Earlier this week, Dalton Strategic Partnership soft-closed its European absolute return UCITS fund to new investors at $500 million following a period of strong inflows (see earlier story).
At the same time, however, the largest fund on the Absolute UCITS database Standard Life Investments mega Global Absolute Return Strategies fund, which is 25 times larger than the DSP fund still continues attract flows even with assets under management of more than $12.5 billion at the beginning of June 2011.
GARS is one of the best selling UK funds and flows into it have been so strong the asset manager created a Luxembourg-domiciled SICAV for continental European investors (see earlier story) and hired a US-based marketer at the end of last year (see story from InvestHedge).
Which begs the question: does size matter? Clearly, for some strategies, especially those using strategies that are not easily scalable, size is important to retain stellar performance.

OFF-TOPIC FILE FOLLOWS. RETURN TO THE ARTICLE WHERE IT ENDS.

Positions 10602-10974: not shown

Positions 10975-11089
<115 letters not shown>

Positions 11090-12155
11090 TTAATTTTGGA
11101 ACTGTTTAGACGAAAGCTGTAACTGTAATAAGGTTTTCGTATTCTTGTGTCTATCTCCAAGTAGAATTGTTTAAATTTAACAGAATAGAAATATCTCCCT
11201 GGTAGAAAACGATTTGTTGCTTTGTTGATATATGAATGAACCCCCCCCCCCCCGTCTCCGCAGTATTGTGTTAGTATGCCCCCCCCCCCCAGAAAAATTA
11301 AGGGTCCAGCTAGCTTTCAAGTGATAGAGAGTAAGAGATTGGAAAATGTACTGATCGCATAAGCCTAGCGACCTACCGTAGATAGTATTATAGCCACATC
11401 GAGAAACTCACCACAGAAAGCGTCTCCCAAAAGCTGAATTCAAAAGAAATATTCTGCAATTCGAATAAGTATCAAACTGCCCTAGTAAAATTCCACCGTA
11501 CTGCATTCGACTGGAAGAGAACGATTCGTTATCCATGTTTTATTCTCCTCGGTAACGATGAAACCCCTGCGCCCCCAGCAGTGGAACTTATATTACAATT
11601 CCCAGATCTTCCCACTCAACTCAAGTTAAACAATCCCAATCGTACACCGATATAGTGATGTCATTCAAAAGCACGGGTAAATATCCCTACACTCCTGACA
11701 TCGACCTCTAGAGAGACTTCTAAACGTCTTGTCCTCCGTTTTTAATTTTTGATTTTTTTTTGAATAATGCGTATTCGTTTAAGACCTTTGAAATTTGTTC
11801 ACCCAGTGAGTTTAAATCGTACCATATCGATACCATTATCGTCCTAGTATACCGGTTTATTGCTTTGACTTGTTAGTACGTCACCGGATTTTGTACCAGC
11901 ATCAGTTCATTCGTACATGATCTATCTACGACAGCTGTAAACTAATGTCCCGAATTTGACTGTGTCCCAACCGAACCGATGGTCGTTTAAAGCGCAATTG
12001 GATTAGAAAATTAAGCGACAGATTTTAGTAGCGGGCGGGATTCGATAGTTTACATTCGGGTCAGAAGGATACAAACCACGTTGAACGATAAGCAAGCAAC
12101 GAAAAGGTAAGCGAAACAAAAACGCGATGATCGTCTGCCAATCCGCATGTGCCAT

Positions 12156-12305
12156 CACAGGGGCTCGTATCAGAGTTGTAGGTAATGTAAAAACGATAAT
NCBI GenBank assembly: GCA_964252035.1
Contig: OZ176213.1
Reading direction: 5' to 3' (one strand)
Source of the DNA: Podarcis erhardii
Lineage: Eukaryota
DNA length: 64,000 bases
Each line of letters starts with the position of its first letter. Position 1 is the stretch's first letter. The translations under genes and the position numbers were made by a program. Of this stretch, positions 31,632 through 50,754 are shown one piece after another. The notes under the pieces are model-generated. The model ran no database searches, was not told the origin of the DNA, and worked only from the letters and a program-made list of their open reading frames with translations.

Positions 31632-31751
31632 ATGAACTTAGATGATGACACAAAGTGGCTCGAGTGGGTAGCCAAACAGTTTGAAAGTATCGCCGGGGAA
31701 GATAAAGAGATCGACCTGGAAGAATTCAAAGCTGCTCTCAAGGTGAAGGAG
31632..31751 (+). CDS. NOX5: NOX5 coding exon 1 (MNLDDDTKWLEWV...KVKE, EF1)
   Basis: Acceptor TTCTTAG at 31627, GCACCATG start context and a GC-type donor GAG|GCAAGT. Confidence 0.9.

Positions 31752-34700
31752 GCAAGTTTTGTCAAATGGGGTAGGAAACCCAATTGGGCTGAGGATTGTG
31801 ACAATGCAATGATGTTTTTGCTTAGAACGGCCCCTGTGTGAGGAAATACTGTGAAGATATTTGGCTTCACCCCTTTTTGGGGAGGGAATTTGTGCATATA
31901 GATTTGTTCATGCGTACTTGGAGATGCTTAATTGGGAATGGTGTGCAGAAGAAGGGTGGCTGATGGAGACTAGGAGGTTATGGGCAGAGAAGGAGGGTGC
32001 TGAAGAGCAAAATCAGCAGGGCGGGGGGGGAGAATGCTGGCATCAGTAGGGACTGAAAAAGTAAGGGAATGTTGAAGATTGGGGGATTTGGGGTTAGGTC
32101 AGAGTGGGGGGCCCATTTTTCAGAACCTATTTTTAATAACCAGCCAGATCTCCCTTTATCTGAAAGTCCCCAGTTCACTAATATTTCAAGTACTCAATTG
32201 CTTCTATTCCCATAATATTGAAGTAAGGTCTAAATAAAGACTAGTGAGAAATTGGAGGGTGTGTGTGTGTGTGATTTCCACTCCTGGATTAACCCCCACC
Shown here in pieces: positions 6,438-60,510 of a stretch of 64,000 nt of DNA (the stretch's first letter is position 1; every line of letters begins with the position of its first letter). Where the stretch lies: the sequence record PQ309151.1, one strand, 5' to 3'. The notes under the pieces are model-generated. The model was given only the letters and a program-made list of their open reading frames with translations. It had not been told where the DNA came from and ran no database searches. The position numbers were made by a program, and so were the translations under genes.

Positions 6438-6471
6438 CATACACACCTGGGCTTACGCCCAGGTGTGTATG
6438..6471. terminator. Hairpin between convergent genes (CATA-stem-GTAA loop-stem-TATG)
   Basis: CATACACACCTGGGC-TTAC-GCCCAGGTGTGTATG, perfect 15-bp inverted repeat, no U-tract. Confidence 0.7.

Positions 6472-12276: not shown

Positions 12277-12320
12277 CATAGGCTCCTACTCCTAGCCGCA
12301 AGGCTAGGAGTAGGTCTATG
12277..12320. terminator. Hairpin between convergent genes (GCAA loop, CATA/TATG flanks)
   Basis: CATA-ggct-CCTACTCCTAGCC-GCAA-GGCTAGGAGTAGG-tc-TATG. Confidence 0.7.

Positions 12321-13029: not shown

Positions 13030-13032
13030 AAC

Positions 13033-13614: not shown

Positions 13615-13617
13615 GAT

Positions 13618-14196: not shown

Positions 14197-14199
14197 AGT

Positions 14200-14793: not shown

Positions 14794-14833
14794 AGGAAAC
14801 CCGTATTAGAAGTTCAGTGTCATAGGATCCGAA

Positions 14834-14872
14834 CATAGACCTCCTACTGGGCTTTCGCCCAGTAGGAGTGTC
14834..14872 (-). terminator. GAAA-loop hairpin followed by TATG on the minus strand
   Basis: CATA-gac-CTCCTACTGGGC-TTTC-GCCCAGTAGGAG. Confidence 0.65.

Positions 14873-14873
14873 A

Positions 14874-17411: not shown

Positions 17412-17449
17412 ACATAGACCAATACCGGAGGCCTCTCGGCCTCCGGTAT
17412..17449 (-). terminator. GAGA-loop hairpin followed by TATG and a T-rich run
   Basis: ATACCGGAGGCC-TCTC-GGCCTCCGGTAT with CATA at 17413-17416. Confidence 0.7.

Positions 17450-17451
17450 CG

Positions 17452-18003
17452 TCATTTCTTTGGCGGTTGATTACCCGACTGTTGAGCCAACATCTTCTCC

Both funds highlight that successful funds attract more assets. The reason for DSPs move to soft close its UCITS fund was to maintain its performance as Leonard Charlton and his team generates substantial returns from short side stock selections. GARS is a multi-asset fund so by definition can invest in most regulated asset classes and strategies available to them therefore it would have more capacity.
It could be argued that SLI and DSP are very different asset managers so have very different objectives the former being a spin off from an insurance company and the latter a boutique asset manager. But the presence of both firms in this space highlights the convergence between hedge funds and the long-only world in the UCITS arena.
Excellent funds run at their optimum not maximum size and many investment or portfolio managers I have spoken to over the years have said that the fund becomes a different beast once it breaks through a particular AUM barrier. Many investors prefer smaller and nimble funds because of the size issue.
I remember one fund manager telling me that everything changed once one of his funds hit the $10 billion mark. Time will tell if GARS has what it takes to be a mega fund and have continued performance.
SLI has launched a bond version of GARS and both funds are managed by teams led by Euan Munro. It seems logical to conclude that the reason for the launch of the bond fund is because the mega fund is simply too big to gain from individual credit positions.
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